House Passes Uighur Bill Urging Sanctions on Chinese Officials

House Passes Uighur Bill Urging Sanctions on Chinese Officials

US lawmakers are working to resolve differences between the House and Senate versions of the bills to find a version that can pass swiftly through the US Congress before the end of this year.

Risk-off is the current theme and headlines such as this can fuel a bid in the yen.

The latest House measure condemns the mass arbitrary detainment of Uighurs and calls for closure of the re-education camps where they have been held and abused, according to rights groups and usa lawmakers.

The US House of Representatives has passed a bill that would force the Trump administration to take a tougher stance on Beijing over the mass detention of Uighurs in the Chinese province of Xinjiang. It calls on President Donald Trump to impose sanctions for the first time on a member of China's powerful politburo, even as he seeks a deal with Beijing to end a trade war buffeting the global economy.

It also calls for sanctions against the senior Chinese officials it says are responsible and specifically names Xinjiang Communist Party Secretary Chen Quanguo.

Washington had already angered Beijing when President Donald Trump signed legislation supporting pro-democracy protesters in Hong Kong, prompting China earlier this week to impose sanctions on US-based NGOs and suspend future visits by USA warships to the semi-autonomous territory.

Mike Pompeo, secretary of state, in October said the USA would impose visa restrictions of Chinese government officials connected to the detention of Uighurs, and accused Beijing pursuing a "highly repressive campaign".

It was the latest example in a number of overwhelmingly bipartisan congressional actions aimed at intensifying pressure on China over everything from its human rights abuses in Xinjiang to its stance on the pro-democracy protests in Hong Kong.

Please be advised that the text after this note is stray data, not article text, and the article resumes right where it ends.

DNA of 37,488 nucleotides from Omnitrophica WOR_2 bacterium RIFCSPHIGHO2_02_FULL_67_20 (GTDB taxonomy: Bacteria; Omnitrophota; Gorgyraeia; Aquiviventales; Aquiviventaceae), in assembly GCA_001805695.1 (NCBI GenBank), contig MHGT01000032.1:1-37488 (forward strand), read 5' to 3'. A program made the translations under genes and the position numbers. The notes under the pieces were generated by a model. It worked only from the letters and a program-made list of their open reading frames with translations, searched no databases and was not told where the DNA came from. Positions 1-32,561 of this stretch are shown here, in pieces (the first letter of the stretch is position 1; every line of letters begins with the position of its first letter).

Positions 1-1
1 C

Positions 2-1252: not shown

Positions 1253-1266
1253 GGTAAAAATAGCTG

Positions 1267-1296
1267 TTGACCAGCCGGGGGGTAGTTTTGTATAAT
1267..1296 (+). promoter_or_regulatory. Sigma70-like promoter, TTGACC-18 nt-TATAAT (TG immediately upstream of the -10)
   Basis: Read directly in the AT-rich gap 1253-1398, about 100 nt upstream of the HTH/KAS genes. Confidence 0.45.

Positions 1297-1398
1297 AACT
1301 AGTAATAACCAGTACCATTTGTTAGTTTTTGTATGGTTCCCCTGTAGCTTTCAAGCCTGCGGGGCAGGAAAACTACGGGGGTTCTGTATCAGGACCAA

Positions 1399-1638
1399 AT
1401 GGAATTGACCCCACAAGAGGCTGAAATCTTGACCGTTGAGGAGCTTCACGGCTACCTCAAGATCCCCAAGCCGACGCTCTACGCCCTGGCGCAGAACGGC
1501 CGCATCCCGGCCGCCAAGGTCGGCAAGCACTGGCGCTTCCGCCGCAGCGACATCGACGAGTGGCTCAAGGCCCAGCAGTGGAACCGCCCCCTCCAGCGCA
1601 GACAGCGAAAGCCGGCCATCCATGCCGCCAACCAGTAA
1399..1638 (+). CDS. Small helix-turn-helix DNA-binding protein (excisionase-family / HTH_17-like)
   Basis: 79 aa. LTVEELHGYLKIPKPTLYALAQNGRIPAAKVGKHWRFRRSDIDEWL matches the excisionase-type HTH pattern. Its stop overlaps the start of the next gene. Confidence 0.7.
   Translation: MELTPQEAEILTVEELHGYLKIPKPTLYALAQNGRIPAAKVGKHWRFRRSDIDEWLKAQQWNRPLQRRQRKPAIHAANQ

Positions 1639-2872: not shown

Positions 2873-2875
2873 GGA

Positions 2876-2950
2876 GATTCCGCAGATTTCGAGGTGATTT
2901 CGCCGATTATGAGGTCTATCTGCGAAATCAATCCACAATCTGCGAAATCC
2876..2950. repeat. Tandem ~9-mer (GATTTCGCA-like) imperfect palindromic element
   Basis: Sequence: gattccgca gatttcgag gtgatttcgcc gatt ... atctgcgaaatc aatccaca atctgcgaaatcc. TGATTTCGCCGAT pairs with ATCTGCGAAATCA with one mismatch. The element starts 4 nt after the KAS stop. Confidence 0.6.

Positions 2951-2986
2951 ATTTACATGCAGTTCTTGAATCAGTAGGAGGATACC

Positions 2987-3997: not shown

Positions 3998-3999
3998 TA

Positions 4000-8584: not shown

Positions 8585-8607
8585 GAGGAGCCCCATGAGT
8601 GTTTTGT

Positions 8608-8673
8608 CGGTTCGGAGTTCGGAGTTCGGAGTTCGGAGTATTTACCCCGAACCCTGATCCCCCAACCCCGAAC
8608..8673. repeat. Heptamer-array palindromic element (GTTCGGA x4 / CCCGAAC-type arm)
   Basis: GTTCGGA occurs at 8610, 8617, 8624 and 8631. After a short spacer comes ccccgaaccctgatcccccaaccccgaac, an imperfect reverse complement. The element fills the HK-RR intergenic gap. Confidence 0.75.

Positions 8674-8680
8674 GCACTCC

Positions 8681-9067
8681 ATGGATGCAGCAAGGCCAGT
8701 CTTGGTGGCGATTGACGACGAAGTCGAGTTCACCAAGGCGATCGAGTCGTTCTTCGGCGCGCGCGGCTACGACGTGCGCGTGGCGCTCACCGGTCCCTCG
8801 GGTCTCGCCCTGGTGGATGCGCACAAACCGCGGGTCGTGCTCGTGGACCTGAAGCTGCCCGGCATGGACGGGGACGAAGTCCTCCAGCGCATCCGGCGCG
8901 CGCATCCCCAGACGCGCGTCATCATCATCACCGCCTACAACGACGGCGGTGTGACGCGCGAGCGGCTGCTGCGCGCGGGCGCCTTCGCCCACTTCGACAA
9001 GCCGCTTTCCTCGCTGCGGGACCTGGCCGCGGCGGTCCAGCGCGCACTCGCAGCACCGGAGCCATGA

"We urge the U.S. to immediately correct its mistake, to stop the above bill on Xinjiang from becoming law, to stop using Xinjiang as a way to interfere in China's domestic affairs", said the statement, attributed to the ministry's spokeswoman, Hua Chunying.

Trump said on Monday the Hong Kong legislation did not make trade negotiations with China easier, but he still believed Beijing wanted a deal.

Hua urged the "immediately correct its mistakes" and warned that China will respond accordingly.

China has denied mistreatment at the camps, which Beijing says provide vocational training to help eliminate religious extremism and teach new skills to people of the region.

China had already moved to sanction some human rights organizations and halt US naval visits to Hong Kong in response to last week's two new USA laws - one to place the territory's special trading status under annual review and the other to ban the export of crowd control devices to the city's police.

The bill is expected to ramp up tensions as China and the USA continue to be locked in an ongoing trade war.

"We can not be silent".

Chris Johnson, a China expert at Washington's Center for Strategic and International Studies, said passage of the bill could lead to a further blurring of lines between the trade issue and the broader deteriorating Sino-US relationship, which China in the past has tended to keep separate.

"I'm not sure it's the Xinjiang issue being more sensitive than Hong Kong, I think there's a sort of piling on factor here that the Chinese are concerned about", he said.

United States diplomats might soon be barred from entering Xinjiang, where more than 1 million Uighurs and other Muslim minorities are believed to be detained in internment camps. It would require the State Department to submit a report to Congress on human rights violations in the region.

It would also effectively ban the export to China of items that can be used for surveillance of individuals, including facial and voice-recognition technology.



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